Creating smart city needs plans
Creating twin smart cities in Jammu and Srinagar is an ambitious project. The project needs lot of planning and investment as well so that an infrastructure is created that is long lasting and keeps in mind all future threats to the twin cities.
One such threat is avoiding flooding of the twin cities as Srinagar has already had a bad experience on this front. What is more concerning is that the release of funds for the ambitious flood mitigation project for Jhelum river by the centre has proved a serious setback to the dream of making Srinagar city into a smart city. The city which always remains prone to floods has been craving for a flood management programme which has so far been ignored by all the governments.
In a recent hold back the Department of Water Resources (DoWR), Union Jal Shakti Ministry has informed the JK administration that the central assistance could not be released for comprehensive flood management of River Jhelum and its tributaries- Phase-II due to dearth of funds.
The Centre had to release Rs 225 crore for the project however, the central government expressed its inability to release its share for the project costing Rs 1623.43 crore. The project has received both technical sanction and investment clearance from the Centre, even as only 1178 crore were kept for it in the Prime Minister’s Development Package (PMDP).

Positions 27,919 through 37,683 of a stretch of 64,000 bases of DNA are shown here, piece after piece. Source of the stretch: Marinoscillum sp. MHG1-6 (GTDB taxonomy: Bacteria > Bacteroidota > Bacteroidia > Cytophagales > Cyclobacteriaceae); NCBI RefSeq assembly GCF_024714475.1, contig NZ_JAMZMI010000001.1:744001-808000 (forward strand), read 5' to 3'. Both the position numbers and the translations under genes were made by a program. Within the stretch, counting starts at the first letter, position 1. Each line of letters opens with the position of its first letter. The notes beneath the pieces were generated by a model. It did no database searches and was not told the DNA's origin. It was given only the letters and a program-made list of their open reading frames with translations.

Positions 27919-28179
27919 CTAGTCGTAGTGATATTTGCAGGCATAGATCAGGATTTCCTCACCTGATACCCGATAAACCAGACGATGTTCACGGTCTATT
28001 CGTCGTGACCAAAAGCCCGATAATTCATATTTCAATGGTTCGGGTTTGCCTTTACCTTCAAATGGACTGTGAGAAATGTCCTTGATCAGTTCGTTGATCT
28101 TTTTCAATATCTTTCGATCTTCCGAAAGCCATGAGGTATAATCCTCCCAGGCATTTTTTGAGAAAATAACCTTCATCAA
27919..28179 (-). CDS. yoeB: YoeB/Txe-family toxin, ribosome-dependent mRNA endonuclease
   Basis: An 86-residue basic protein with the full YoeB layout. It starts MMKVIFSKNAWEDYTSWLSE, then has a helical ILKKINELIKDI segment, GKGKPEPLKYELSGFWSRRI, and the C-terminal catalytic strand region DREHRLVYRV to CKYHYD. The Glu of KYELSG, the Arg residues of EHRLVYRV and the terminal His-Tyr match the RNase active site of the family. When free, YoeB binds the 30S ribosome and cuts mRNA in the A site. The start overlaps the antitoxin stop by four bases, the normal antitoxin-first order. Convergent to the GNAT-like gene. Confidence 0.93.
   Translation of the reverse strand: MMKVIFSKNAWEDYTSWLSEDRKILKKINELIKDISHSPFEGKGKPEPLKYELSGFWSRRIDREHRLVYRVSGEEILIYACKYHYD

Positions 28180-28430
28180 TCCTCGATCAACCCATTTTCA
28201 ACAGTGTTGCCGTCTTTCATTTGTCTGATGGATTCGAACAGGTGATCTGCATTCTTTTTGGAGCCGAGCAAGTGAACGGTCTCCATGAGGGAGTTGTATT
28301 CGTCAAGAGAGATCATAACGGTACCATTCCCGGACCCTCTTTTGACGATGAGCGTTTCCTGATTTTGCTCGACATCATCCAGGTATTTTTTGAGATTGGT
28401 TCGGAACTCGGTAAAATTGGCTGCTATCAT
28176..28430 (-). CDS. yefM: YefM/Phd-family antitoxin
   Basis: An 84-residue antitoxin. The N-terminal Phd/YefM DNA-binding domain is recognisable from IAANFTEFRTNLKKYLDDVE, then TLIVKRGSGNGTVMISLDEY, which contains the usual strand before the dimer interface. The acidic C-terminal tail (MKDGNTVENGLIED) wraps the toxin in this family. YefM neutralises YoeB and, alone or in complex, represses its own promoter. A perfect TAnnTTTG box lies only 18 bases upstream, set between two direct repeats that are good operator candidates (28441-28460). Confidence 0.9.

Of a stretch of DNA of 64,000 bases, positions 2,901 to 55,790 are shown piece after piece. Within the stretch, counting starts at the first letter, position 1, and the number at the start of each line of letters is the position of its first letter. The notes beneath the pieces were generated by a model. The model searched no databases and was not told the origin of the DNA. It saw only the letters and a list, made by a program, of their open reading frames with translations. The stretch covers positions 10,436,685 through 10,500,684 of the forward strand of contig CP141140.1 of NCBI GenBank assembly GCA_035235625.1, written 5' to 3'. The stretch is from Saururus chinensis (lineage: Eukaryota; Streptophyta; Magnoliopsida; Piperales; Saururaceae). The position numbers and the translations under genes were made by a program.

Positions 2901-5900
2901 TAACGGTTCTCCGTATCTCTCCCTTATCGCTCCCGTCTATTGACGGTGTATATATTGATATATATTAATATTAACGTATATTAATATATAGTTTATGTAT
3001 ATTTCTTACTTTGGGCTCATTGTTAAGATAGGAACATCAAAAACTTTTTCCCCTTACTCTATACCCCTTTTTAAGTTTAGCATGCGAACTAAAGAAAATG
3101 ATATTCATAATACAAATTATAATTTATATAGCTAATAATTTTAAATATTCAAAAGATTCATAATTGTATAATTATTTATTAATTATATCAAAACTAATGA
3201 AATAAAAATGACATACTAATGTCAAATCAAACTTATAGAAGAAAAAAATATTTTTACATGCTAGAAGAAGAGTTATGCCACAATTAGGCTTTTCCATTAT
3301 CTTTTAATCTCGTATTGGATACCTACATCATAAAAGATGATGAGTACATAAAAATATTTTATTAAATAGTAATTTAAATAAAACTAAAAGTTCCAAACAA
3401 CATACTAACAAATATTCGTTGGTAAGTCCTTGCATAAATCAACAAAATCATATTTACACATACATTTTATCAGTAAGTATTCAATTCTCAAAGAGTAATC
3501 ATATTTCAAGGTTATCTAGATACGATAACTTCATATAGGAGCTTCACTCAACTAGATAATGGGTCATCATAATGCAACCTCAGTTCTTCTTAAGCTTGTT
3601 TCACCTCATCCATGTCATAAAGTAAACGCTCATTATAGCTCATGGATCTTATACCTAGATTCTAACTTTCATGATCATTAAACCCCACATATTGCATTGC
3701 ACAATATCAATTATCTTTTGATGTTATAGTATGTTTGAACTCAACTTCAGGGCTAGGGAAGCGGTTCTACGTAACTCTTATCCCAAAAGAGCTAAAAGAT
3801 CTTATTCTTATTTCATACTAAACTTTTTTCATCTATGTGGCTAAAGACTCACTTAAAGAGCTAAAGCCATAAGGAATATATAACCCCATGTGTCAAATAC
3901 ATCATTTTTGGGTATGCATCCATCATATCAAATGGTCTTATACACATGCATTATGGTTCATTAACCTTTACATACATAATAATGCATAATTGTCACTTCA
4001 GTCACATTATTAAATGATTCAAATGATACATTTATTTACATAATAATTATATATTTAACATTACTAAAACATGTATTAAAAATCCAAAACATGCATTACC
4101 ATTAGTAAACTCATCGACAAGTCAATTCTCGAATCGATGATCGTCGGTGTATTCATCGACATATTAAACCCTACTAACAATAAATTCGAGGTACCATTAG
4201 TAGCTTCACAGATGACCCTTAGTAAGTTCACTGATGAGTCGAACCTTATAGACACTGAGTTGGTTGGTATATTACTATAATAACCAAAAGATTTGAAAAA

So far JK has utilized Rs 39.14 crore against Rs 47.49 crore released by DoWR for the project. The project was proposed after floods wreaked havoc in Jammu & Kashmir in 2014. The devastating deluge devoured 300 lives and damaged property worth thousands of crores in the region
A committee set-up by the Government of India to go into the cause of catastrophic floods suggested several measures to prevent such calamities in future. The panel recommended several long term measures including additional supplementary flood spill channel, creation of storage facilities on tributaries of Jhelum, flood plain zoning and enhancing capacity of Wular Lake.
Notably, the ground situation tells us that the carrying capacity of all our water bodies has reduced to such an extent that they are not able to accommodate the discharge from various rivulets and streams. This also points out to the fact that the planners here are more interested in implementing political agendas rather than working on administrative requirements.
Kashmir has witnessed devastation on many fronts. But the way floods ravaged through our streets and towns in September 2014 made various international bodies to realize that Kashmir needs a flood management programme.
That being the reason that the World Bank approved a flood management programme only to be shelved by the administrative authorities that too without even bothering to provide a reason for the same.
Let us be very clear that planning for smart city or such other projects will end up a waste till basic infrastructure is not worked out.